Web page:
Infineon Raceway and Hearst Castle

An interesting trip


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Kathleen rips the straightaway at Infineon.

The Experience

The objective of our northern California road trip was to race at Infineon. As part of the planning, we decided to pre-pend the trip with a visit to the Albion River in and the Ft. Bragg area. See this link for the trip report and photos . Once we left Albion, we headed to Infineon for the high performance driver's school. We had done this several times before, so we knew how much fun we were going to have. I did not take a bunch of photos this time, instead purchasing photos from a pro that worked with the BMW club. He had some good shots, so I bought big prints for framing. But, I did get several photos of Kathleen racing.

The photos below are what we saw.

Ouch. Vectors is showing her age. If you look closely here, you will see 3 battle scars. The deck took 2 hits and the bumper one. The deck suffered shopping carts in the Von's parking lot as well as a plastic garbage can. The bumper took a shot in, of all places, the customer parking lot of Seattle BMW. The person was kind enough to back into me and then leave without a word. Thanks, buddy. Here, we are cleaning the goodies out of the car prior to the first run group. Note all the stuff on the ground to the right.

Later in the day, when the light was a bit better, I caught Kathleen on the back straightaway.

Kathleen rounding one of the hairpin turns in the track.

Kathleen nails the front straightaway.

We had a great time at Infineon, as always. The SF BMW club does it up right and are very well organized. As part of the group dinner, they roasted the region's chief driving instructor and it was a hoot.

When we were finished with the bay area, we headed south to Monterrey to spend the night in an unmemorable motel. We had an acceptable dinner down on the Fisherman's Wharf, but nothing more. But, what did I expect? It is a tourist area after all. The next morning we headed south along Highway 1 with the destination being Hearst Castle. I had hear fantastic things about the site, but nothing I heard or anticipated prepared me for the reality of the experience. Sadly, the fog that day was heavy. So heavy in fact that during the bus ride up from the visitor's center, you could see NOTHING out of the bus windows. The visibility was so restricted that I was getting vertigo. I managed to contain the urge to barf and we got to the disembarkation area before it became critical. The entrance to the main area blew me away. Aside from some locations in Europe, I have never seen anything like this. So, rather than digressing into political comment, I will just stick to photos and light banter. It seems that W.R.'s daddy had become rich due to a small silver claim he had in the Sierra Nevada. That claim would later turn into the Comstock Lode, one of the biggest silver strikes in North America -- ever. When daddy-o was flush with cash, he bought a small ranch on the central California coast from the original Spanish land grantee. The ranch was 50 by 40 miles with one side being the coast. Since the ranch was remote, even with somebody with infinite funds, there was a bunch of infrastructure development that needed to be done. Roads, air fields, water storage areas, aqueducts, farms, etc. But when it was done, it was a fully self-contained world.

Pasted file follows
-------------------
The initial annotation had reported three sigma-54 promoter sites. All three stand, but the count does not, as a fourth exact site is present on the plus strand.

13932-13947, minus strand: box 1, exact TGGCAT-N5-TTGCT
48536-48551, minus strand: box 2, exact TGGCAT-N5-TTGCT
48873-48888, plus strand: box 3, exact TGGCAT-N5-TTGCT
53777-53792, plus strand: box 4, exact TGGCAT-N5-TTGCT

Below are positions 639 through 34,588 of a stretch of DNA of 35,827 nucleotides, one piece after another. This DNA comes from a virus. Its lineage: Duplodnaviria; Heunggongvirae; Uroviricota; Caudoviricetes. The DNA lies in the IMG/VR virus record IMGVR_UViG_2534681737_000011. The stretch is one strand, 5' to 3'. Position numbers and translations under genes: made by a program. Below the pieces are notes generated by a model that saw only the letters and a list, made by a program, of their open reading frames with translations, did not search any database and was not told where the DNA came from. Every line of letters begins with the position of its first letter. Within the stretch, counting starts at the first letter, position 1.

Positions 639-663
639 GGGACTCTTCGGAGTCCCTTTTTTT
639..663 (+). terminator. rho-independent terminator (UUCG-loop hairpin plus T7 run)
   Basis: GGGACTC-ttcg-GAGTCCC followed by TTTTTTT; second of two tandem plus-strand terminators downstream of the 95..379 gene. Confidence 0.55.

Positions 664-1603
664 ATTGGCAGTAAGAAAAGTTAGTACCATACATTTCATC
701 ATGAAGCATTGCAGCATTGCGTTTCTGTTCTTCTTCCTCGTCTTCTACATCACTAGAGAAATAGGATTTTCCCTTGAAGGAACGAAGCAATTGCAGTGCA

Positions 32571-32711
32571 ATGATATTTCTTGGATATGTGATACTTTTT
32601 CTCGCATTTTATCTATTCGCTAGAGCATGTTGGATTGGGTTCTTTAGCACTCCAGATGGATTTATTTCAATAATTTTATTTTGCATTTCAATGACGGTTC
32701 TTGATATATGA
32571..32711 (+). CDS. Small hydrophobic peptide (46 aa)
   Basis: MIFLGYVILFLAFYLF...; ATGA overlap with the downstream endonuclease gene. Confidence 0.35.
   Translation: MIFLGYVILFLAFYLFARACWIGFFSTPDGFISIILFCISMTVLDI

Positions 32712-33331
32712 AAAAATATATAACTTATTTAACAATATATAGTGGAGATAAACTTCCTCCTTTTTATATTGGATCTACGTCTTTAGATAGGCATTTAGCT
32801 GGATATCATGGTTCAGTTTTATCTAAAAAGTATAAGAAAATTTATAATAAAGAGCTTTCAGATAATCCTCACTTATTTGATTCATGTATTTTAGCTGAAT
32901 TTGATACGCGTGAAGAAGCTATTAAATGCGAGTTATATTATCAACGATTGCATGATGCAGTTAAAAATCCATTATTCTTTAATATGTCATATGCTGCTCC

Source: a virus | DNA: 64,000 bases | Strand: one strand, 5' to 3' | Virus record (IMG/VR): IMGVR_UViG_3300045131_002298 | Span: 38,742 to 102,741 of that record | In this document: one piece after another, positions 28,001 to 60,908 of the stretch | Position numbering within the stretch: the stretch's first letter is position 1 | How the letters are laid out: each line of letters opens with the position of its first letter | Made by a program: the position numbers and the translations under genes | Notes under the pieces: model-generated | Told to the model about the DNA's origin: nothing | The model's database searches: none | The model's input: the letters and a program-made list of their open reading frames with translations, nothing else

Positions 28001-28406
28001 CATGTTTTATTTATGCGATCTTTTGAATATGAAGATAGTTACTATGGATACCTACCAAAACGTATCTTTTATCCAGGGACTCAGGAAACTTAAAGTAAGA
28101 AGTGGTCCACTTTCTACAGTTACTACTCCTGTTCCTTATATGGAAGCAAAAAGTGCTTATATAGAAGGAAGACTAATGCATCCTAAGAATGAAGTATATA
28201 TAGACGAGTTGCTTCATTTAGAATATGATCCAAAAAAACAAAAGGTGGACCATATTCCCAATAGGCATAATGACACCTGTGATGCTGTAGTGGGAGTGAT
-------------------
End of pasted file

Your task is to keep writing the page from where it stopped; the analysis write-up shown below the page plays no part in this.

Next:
I really don't recall all the specifics, the tour guides fire-hosed us with facts. If you are interested, Google it and you will get the dirty details. For me, I was aghast and the unbounded opulence, so elected to just "take it all in". Sadly, in the photos below, the fog and dim light diminished the grandeur of the "castle".

The entrance to the lower pool area.

The other side of the pool area.

A lot of the statuary was from Europe, some of historical significance.

Nice statues on the house-end of the main pool.

The change rooms.

Looking at the pool from the upper stairs.

Interesting fountain. Note the heavy fog.

The fog deposited heavy dew on the flowers in the garden.

One of the rooms in the guest house.

Nice white marble.

The detail on some of these is remarkable.

Imported from ruins in Egypt.

The first view of the main "house". The upper stories disappear into the fog.

The entrance to the main house.

The entrance looks like an old cathedral

Some of the stone work around the entrance was purchased in Europe with the pieces originating from old churches.

The fireplace in the great room.

Medieval tapestry.

More rare tapestries.

More rare tapestries.

The main dining room complete with heraldic flags from Italy. The fireplace is on the far wall.

Over one million individual gold gilded tiles comprise the walls, floors and pool of the indoor pool. It took a large crew of workmen many years to complete the effort.

Words do not do the Hearst Castle justice. This is something that you have to see in person to get a feel for the situation. For me, it made me start to question the limits of capitalism. The whole thing was so over-the-top that it defies normal analysis. But, what was even more incredible is that we saw only a small fraction of the entire place!

I would definitely go again. But, if we do go, we will allocate several days to see the whole thing. There is no way to take all of the tours in one day; it is just too much. Check it out for yourself and draw your own conclusion.

We had a reasonable trip back to San Diego from the "castle". We crossed LA after 9pm so the traffic was reasonably light (for LA). All in all, the whole NorCal road trip was great fun and Hearst was the topper for an excellent trip. Thanks to Kathleen for planning accommodations.

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